Could Tribune Publishing Company (NASDAQ:TPCO) be an attractive dividend share to own for the long haul? Investors are often drawn to strong companies with the idea of reinvesting the dividends. On the other hand, investors have been known to buy a stock because of its yield, and then lose money if the company's dividend doesn't live up to expectations.
With a five-year payment history and a 7.7% yield, many investors probably find Tribune Publishing intriguing. We'd agree the yield does look enticing. During the year, the company also conducted a buyback equivalent to around 0.5% of its market capitalisation. That said, the recent jump in the share price will make Tribune Publishing's dividend yield look smaller, even though the company prospects could be improving. Some simple analysis can reduce the risk of holding Tribune Publishing for its dividend, and we'll focus on the most important aspects below.
Dividends are typically paid from company earnings. If a company pays more in dividends than it earned, then the dividend might become unsustainable - hardly an ideal situation. As a result, we should always investigate whether a company can afford its dividend, measured as a percentage of a company's net income after tax. Although it reported a loss over the past 12 months, Tribune Publishing currently pays a dividend. A medium payout ratio strikes a good balance between paying dividends, and keeping enough back to invest in the business. One of the risks is that management reinvests the retained capital poorly instead of paying a higher dividend.
With a strong net cash balance, Tribune Publishing investors may not have much to worry about in the near term from a dividend perspective.
We update our data on Tribune Publishing every 24 hours, so you can always get our latest analysis of its financial health, here.
From the perspective of an income investor who wants to earn dividends for many years, there is not much point buying a stock if its dividend is regularly cut or is not reliable. Looking at the data, we can see that Tribune Publishing has been paying a dividend for the past five years. During the past five-year period, the first annual payment was US$0.70 in 2015, compared to US$1.00 last year. Dividends per share have grown at approximately 7.4% per year over this time. Tribune Publishing's dividend payments have fluctuated, so it hasn't grown 7.4% every year, but the CAGR is a useful rule of thumb for approximating the historical growth.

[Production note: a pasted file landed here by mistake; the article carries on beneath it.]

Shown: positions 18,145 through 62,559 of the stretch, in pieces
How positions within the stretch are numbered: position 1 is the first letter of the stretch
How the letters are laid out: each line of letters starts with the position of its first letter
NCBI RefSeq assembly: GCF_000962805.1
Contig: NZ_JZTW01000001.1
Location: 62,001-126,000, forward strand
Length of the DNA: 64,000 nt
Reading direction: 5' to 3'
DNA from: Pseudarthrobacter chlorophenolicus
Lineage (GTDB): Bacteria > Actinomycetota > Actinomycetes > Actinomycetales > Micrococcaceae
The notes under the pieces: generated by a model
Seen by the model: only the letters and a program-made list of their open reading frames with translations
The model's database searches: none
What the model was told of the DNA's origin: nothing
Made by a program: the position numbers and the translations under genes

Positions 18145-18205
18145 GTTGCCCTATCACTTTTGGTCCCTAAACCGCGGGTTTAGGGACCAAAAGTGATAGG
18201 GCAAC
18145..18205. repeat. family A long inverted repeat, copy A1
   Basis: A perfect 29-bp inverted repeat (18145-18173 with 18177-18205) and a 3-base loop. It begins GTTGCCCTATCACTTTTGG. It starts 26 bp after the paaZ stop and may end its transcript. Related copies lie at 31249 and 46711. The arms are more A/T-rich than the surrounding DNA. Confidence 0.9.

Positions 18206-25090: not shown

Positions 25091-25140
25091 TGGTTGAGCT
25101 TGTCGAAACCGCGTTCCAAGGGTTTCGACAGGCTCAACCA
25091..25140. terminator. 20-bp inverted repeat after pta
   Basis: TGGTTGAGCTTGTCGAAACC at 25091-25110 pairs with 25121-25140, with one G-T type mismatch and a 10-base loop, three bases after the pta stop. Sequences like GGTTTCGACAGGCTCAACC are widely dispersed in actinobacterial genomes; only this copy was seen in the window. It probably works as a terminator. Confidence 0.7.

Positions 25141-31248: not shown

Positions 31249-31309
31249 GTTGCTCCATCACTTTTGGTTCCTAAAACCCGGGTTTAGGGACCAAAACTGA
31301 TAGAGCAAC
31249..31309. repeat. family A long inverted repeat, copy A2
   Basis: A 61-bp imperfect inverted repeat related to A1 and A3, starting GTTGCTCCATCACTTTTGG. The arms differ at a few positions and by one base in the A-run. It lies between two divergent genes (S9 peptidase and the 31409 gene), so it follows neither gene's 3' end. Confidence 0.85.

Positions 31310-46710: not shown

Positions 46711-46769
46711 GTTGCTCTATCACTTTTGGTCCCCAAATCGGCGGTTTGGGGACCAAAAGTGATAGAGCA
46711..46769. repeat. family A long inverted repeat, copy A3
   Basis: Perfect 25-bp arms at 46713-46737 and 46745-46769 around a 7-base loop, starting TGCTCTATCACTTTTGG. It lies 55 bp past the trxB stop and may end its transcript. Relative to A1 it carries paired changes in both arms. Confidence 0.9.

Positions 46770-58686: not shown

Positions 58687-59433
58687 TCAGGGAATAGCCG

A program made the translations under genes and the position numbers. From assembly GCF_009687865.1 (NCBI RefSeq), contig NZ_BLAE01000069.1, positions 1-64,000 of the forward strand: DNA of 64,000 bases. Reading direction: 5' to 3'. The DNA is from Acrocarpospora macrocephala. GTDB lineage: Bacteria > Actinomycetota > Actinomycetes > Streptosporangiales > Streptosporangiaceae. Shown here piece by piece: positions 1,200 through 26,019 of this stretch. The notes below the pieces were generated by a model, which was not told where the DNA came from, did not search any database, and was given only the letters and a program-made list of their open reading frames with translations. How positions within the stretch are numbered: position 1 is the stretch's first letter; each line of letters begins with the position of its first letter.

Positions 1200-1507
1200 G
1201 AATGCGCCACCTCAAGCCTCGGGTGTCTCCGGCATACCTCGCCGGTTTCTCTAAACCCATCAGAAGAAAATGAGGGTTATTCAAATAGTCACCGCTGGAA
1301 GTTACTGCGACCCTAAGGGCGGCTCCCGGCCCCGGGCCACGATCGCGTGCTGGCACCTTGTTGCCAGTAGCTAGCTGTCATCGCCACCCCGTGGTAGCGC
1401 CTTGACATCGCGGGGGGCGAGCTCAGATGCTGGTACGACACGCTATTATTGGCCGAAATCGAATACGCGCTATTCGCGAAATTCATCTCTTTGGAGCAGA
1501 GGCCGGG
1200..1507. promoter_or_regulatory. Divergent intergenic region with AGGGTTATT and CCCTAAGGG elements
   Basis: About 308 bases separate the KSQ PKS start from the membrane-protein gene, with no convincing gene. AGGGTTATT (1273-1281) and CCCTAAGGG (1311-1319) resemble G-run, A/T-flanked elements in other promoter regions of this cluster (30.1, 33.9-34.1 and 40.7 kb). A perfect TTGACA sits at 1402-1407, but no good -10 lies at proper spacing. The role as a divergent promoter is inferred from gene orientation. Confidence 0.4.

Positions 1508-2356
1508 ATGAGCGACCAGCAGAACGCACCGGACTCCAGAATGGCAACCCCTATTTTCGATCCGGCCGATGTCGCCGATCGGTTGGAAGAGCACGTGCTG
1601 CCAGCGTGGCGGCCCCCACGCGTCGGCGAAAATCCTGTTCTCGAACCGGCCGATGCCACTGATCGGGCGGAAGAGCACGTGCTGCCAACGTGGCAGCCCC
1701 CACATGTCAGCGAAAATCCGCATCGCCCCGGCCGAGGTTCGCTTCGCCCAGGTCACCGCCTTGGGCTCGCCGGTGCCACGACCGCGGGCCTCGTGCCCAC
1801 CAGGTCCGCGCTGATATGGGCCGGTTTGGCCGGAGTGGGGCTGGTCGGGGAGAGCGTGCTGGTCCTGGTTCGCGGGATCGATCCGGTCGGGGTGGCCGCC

It's good to see the dividend growing at a decent rate, but the dividend has been cut at least once in the past. Tribune Publishing might have put its house in order since then, but we remain cautious.
Dividend Growth Potential
Given that the dividend has been cut in the past, we need to check if earnings are growing and if that might lead to stronger dividends in the future. Tribune Publishing's EPS have fallen by approximately 60% per year during the past five years. With this kind of significant decline, we always wonder what has changed in the business. Dividends are about stability, and Tribune Publishing's earnings per share, which support the dividend, have been anything but stable.
Dividend investors should always want to know if a) a company's dividends are affordable, b) if there is a track record of consistent payments, and c) if the dividend is capable of growing. Firstly, we like that Tribune Publishing has a low and conservative payout ratio. Second, earnings per share have been in decline, and its dividend has been cut at least once in the past. While we're not hugely bearish on it, overall we think there are potentially better dividend stocks than Tribune Publishing out there.
Now, if you want to look closer, it would be worth checking out our free research on Tribune Publishing management tenure, salary, and performance.
Looking for more high-yielding dividend ideas? Try our curated list of dividend stocks with a yield above 3%.
If you spot an error that warrants correction, please contact the editor at email@example.com. This article by Simply Wall St is general in nature. It does not constitute a recommendation to buy or sell any stock, and does not take account of your objectives, or your financial situation. Simply Wall St has no position in the stocks mentioned.
We aim to bring you long-term focused research analysis driven by fundamental data. Note that our analysis may not factor in the latest price-sensitive company announcements or qualitative material. Thank you for reading.